A tough ordeal
Journalists in Kashmir are witnessing difficult times. Since the abrogation of Jammu and Kashmir’s special status by the Union government on August 5, the members of the fourth estate have been witnessing numerous issues.
The prime concern for them is the communication blockade which has not only hampered their work but left an impregnable mark on their performance and credibility as well. No journalist has been able to report the way he would have wanted. The communication blockade has restricted his reach and left him devoid of any contacts with the news sources on whom he relies quite heavily.
Journalists operating at the local level have been the worse hit. Since they are working for the local news organizations, the news output has to be local in content in order to maintain a link with the local readership.
However, during the past nine weeks now, the local news content has not been generated to the level that would satisfy the local needs. The local news content is mostly confined to the issues faced by the local populace. And in a given situation when such news content is not provided or generated altogether, the newsmen are viewed with suspicion and even contempt.
The government on its part maintains that all facilities are being provided to the journalists. The main contention of the administration is that a media centre has been put in place at one of the local hotels in Srinagar and Journalists are being provided access to internet and phone as well.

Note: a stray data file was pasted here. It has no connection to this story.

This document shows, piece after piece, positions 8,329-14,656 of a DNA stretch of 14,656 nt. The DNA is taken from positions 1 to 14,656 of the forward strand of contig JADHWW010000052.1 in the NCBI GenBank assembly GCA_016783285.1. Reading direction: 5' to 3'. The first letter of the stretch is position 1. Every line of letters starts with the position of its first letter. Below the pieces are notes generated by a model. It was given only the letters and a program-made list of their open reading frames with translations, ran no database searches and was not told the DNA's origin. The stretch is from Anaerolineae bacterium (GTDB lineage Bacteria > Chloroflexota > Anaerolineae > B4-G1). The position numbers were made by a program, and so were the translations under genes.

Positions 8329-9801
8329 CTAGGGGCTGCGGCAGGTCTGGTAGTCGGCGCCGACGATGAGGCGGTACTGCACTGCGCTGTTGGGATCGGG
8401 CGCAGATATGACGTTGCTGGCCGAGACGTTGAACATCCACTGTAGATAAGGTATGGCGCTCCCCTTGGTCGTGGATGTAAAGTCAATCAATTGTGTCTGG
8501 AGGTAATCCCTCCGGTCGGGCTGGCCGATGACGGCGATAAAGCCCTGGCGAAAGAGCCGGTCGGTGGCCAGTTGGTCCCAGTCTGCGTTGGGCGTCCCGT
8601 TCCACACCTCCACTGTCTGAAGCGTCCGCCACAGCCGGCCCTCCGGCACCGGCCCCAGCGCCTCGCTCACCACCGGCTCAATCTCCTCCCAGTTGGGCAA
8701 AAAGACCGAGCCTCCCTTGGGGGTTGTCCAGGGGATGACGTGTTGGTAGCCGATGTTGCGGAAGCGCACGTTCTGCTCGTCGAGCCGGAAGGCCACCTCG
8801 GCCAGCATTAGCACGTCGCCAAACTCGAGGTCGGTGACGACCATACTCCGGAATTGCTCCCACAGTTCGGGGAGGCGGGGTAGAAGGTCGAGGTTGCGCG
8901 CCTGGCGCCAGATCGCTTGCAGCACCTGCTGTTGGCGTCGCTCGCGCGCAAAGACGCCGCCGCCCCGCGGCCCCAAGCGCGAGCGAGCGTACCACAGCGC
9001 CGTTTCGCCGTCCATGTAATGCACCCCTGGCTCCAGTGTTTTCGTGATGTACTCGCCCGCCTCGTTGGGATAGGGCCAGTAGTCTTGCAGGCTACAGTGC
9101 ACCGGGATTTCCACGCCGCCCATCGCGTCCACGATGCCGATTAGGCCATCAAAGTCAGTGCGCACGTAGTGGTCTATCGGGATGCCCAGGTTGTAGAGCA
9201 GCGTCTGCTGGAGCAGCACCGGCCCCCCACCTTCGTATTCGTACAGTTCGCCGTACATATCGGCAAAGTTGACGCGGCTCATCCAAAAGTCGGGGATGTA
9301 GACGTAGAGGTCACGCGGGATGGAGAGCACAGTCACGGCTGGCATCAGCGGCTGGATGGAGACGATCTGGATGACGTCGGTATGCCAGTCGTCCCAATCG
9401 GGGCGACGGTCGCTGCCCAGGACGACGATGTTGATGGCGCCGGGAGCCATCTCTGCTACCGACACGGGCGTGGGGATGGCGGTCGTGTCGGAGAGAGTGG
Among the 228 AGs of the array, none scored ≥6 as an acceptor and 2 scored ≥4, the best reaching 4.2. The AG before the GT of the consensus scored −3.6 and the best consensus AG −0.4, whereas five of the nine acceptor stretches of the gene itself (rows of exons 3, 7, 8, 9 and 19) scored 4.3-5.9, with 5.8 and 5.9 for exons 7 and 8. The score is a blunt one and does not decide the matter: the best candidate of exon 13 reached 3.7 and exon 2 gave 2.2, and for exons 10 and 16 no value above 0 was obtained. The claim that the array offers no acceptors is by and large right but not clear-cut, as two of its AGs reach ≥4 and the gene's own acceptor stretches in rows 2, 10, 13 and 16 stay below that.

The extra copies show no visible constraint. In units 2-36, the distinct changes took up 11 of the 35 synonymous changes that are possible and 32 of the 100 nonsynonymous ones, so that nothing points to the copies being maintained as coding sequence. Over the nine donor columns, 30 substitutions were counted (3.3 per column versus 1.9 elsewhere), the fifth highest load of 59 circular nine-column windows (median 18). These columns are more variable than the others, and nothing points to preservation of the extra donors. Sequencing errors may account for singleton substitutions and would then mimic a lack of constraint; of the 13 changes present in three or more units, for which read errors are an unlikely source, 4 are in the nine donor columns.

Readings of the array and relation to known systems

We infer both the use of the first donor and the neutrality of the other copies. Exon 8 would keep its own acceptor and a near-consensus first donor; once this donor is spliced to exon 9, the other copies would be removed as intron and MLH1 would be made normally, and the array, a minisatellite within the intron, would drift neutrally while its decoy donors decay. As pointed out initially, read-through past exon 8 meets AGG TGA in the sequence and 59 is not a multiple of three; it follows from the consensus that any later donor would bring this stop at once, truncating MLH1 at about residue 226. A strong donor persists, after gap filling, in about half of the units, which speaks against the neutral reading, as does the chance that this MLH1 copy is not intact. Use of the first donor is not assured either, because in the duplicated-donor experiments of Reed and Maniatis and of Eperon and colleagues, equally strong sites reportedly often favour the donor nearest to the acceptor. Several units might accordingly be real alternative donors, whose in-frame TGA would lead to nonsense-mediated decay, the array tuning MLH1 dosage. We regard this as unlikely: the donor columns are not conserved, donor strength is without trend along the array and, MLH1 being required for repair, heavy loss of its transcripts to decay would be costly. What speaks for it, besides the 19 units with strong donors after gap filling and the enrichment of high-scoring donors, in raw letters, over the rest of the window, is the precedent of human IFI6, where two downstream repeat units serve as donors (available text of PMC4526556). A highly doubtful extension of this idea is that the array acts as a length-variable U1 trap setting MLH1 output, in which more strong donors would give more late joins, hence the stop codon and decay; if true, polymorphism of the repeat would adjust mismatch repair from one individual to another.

Nonetheless, providing internet facility to a journalist for half an hour on daily basis cannot be justified as providing all facilities for his functioning and fulfilling his responsibilities of representing the people’s aspirations of acting as their voice.
The restrictions put in place for the local journalists have cost them very dearly. The local news organizations have lost a good amount of revenue that was generated online on their news portals and web editions. The reach of these organizations too has taken a hit as a good number of readers have been denied access to information that they otherwise were in need of.
Now to cap it all the government has denied access to a fact finding team of the Press Council of India (PCI) telling it to visit the state only after November 4.
The 28-member council had decided to send a four-member subcommittee to assess the situation. Toward this end, they wrote to the government of J&K on August 27.
The PCI has maintained that it stands for the freedom of the press and does not approve of any sort of restriction on the media. However, denying entry for the fact finding team to the valley has robbed the journalists an opportunity to vie for their rights once again.